A baby gorilla has been delivered by a rare caesarean section at a British zoo in an operation performed by a hospital gynaecologist, the zoo said.
Vets at Bristol zoo in western England called in expert medical help after the mother Kera showed signs of potentially life-threatening pre-eclampsia.
Professor David Cahill, a gynaecologist at a nearby hospital who has delivered hundreds of babies by caesarean but never a gorilla, was drafted in to perform the operation, one of just a handful ever carried out worldwide.
"Along with having my own children, this is probably one of the biggest achievements of my life and something I will certainly never forget," he said in a statement. "I have since been back to visit Kera and the baby gorilla, it was wonderful to see them both doing so well."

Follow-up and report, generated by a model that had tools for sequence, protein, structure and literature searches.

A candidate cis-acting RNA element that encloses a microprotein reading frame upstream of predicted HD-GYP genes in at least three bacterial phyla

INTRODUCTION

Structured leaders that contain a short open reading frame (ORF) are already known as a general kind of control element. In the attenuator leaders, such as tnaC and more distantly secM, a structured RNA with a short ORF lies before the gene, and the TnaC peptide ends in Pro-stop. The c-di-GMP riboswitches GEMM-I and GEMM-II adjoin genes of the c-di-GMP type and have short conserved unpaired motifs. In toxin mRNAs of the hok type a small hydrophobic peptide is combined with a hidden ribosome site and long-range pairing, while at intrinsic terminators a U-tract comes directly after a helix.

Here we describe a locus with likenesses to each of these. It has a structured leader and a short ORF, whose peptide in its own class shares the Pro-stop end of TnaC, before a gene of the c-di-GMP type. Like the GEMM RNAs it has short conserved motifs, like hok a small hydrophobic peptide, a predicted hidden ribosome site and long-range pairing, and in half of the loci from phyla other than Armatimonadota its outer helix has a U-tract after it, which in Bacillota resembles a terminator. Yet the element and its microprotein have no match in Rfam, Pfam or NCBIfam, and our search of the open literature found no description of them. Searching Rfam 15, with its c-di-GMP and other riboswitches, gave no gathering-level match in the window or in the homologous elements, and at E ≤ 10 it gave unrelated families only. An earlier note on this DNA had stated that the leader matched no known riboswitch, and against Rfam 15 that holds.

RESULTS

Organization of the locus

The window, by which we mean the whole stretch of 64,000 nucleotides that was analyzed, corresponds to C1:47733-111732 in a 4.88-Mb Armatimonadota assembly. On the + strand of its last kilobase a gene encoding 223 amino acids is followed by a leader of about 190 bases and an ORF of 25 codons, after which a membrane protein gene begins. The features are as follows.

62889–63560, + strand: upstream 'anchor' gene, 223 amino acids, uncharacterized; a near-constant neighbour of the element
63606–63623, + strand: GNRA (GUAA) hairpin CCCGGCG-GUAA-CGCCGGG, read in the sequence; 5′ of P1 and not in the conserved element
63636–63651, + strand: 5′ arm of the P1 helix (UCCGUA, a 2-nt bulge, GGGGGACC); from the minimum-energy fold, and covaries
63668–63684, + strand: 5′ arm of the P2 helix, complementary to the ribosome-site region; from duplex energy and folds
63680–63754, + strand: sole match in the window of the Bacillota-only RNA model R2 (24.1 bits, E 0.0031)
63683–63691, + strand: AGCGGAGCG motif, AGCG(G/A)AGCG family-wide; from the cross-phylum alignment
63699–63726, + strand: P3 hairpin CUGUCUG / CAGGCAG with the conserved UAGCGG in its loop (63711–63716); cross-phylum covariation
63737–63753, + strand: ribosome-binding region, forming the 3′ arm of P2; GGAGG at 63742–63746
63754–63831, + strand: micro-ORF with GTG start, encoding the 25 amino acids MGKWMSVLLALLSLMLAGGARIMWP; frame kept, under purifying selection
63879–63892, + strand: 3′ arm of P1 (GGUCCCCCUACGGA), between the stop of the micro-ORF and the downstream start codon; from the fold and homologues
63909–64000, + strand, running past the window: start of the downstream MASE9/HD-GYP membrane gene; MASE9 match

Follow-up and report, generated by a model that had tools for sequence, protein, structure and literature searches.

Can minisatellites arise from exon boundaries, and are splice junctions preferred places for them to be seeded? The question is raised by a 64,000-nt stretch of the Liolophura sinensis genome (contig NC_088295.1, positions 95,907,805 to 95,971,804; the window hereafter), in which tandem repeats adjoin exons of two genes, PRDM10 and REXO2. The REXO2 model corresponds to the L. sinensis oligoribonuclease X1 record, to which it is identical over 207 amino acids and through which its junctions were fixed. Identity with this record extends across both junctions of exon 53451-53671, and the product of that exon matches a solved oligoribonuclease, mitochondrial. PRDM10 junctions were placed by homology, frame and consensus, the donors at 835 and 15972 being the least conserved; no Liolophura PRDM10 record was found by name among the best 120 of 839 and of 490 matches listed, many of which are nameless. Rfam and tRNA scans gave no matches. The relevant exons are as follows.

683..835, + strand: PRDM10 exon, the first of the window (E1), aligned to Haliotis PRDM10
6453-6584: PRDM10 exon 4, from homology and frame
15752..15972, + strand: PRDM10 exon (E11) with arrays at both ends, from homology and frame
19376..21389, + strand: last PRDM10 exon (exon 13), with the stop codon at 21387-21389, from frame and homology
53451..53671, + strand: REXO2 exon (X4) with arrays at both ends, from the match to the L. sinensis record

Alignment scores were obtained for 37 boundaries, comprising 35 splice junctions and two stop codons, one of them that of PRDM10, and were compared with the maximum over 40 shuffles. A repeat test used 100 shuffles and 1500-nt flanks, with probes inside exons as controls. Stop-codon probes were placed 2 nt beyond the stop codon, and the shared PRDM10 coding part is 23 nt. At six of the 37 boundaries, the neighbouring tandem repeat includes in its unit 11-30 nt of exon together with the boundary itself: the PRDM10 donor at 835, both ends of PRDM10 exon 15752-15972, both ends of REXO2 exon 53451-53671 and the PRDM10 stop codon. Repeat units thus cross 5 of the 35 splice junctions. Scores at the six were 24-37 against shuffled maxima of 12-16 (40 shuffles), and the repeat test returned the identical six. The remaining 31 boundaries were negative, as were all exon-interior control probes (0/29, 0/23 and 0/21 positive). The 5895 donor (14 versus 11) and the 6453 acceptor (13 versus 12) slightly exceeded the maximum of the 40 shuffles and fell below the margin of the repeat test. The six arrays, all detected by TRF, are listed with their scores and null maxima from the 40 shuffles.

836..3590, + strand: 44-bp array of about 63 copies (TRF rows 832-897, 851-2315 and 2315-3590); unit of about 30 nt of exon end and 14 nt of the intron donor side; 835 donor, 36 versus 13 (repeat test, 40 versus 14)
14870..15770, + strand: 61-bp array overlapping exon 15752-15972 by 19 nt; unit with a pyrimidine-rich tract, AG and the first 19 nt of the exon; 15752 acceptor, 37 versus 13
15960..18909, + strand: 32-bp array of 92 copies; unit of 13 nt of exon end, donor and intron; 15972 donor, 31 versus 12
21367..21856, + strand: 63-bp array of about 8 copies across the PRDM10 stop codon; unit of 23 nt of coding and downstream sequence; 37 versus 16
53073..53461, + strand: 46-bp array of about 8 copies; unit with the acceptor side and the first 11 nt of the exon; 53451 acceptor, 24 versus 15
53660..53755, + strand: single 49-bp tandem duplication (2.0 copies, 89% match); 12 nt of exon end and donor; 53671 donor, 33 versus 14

The baby girl gorilla weighed just over a kilogram (2 lbs 10oz) at birth 11 days ago. She initially needed help from vets to breathe independently but is now doing well after being hand-reared around the clock by keepers, the zoo said.
"The birth of any gorilla is a rare and exciting event; but the birth of a baby gorilla by caesarean section is even more unusual," said John Partridge, the zoo's senior curator of animals.
"It wasn't a decision that we took lightly—Kera was becoming quite poorly and we needed to act fast in order to give the best possible treatment to mother and baby, and to avoid the possibility of losing the baby."